Waterstone’s, one of the few book shop chains left in the UK, has decided it wants to enter the e-reader market.
It confirmed to TechEye in a statement today, “We can confirm we are developing an ereading proposition to launch in 2012. We have no further information to share at this time.” So the details are thin. But Barnes & Noble decided to go down that route with the Nook and performed surprisingly well against main competition Amazon.
Using the word ‘proposition’ masks exactly what Waterstone’s is planning, but in a note to TechEye, we were told: “We just don’t want to nail ourselves down to what exactly it might be, hence the word propostion. Most people are saying ereader, which we are comfortable with.”
Amazon’s Kindle is still top dog in e-readers. The key to its success can be explained partially in its relatively low price point and the fact that it uses E-Ink instead of a screen, a Taiwanese-owned technology which aims to replicate the reading experience and eliminate nuisance stuff like screen glare and paper.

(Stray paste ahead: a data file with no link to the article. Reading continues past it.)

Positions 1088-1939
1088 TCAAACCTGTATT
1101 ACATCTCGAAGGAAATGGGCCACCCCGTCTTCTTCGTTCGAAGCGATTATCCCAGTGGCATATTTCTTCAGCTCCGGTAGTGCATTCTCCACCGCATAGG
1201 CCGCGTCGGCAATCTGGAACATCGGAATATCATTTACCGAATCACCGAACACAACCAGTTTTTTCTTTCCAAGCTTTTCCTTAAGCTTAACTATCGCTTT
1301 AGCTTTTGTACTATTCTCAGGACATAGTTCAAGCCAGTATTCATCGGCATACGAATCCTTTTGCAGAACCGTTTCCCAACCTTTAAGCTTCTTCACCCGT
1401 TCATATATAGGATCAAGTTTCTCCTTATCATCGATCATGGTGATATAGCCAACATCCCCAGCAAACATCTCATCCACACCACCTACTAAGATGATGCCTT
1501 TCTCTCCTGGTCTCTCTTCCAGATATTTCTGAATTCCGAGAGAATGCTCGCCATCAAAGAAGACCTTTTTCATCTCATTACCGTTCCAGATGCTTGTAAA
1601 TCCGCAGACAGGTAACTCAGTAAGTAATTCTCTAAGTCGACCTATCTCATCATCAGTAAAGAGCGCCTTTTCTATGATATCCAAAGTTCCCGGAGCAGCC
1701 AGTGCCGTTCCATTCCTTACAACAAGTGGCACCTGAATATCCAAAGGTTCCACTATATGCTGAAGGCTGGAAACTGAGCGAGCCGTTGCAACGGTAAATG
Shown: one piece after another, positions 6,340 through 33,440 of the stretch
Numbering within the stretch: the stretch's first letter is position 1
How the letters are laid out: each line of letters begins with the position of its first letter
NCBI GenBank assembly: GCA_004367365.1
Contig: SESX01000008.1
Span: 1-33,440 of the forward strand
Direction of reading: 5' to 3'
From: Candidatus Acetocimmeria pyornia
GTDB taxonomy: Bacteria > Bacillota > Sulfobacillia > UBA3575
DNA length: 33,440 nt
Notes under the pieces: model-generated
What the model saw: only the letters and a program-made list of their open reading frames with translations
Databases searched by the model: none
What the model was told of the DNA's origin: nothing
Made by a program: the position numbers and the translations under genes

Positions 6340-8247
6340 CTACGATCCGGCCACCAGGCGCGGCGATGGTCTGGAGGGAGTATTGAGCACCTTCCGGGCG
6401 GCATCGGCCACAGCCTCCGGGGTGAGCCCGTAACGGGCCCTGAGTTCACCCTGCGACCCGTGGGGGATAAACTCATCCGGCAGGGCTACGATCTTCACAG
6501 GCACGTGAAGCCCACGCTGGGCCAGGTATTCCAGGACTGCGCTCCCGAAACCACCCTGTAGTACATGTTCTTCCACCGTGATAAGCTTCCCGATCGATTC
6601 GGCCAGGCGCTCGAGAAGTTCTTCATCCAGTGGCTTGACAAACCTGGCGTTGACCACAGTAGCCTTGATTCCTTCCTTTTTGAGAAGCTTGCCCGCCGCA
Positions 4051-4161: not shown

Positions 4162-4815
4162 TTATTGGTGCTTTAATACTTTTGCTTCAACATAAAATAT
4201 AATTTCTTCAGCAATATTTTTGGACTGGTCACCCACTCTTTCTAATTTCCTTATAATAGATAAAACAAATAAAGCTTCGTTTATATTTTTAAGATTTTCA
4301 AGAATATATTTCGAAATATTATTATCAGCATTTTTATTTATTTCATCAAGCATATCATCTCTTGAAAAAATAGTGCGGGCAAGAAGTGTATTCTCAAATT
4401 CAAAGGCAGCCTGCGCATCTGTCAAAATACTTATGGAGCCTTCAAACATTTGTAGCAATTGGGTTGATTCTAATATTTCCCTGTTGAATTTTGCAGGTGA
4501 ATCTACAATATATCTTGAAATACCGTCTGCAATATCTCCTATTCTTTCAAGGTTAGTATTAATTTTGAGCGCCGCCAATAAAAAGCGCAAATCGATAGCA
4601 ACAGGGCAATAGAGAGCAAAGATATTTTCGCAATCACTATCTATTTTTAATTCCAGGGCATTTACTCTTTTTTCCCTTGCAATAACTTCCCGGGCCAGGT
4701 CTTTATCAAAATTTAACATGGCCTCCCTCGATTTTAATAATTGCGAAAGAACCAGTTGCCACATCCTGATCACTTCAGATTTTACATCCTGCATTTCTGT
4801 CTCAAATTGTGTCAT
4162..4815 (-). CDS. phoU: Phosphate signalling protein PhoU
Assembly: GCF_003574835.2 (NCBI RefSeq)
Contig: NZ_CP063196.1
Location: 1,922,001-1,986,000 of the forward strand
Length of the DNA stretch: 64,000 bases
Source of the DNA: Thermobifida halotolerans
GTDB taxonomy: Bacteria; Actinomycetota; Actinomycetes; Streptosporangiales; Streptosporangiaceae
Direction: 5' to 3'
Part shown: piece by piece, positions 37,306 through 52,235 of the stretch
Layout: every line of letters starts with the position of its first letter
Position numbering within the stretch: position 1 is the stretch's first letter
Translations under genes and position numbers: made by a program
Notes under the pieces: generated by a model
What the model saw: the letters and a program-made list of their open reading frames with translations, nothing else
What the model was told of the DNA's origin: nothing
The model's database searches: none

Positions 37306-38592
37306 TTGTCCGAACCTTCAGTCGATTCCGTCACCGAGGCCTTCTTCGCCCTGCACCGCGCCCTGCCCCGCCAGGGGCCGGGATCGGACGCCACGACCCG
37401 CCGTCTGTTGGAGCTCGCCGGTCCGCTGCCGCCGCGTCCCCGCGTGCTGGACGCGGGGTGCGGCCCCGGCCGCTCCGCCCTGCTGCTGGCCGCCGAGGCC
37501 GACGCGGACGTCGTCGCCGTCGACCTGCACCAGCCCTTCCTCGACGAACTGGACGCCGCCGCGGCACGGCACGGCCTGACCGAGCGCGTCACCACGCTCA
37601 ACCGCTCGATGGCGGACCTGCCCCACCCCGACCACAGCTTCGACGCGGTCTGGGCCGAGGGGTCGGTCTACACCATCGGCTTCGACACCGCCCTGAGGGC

If Waterstone’s wants to compete in the market it would do well to consider E-Ink and, like Barnes & Noble, release a dedicated brand product which stands up on its own to Amazon and the Kindle.
Of course, the surprise announcement, with a launch date penned in for as early as next year, suggests Waterstone’s has had the plans on the cards for some time now and may have already found a hardware partner. It will need to get the mix right and undercut Amazon, unless it is truly revolutionary.
Despite the plans, TechEye hears some people actually prefer to read hard and paperback books over sleek electronics. They make your bookshelf more interesting, for a start, as opposed to e-readers which, it could be argued, turn literature into a cheap commodity like the MP3 did to music. The other side of the argument is e-readers get people reading again.
*EyeSee Main picture is of the Waterstone’s in Reading, where not much reading gets done.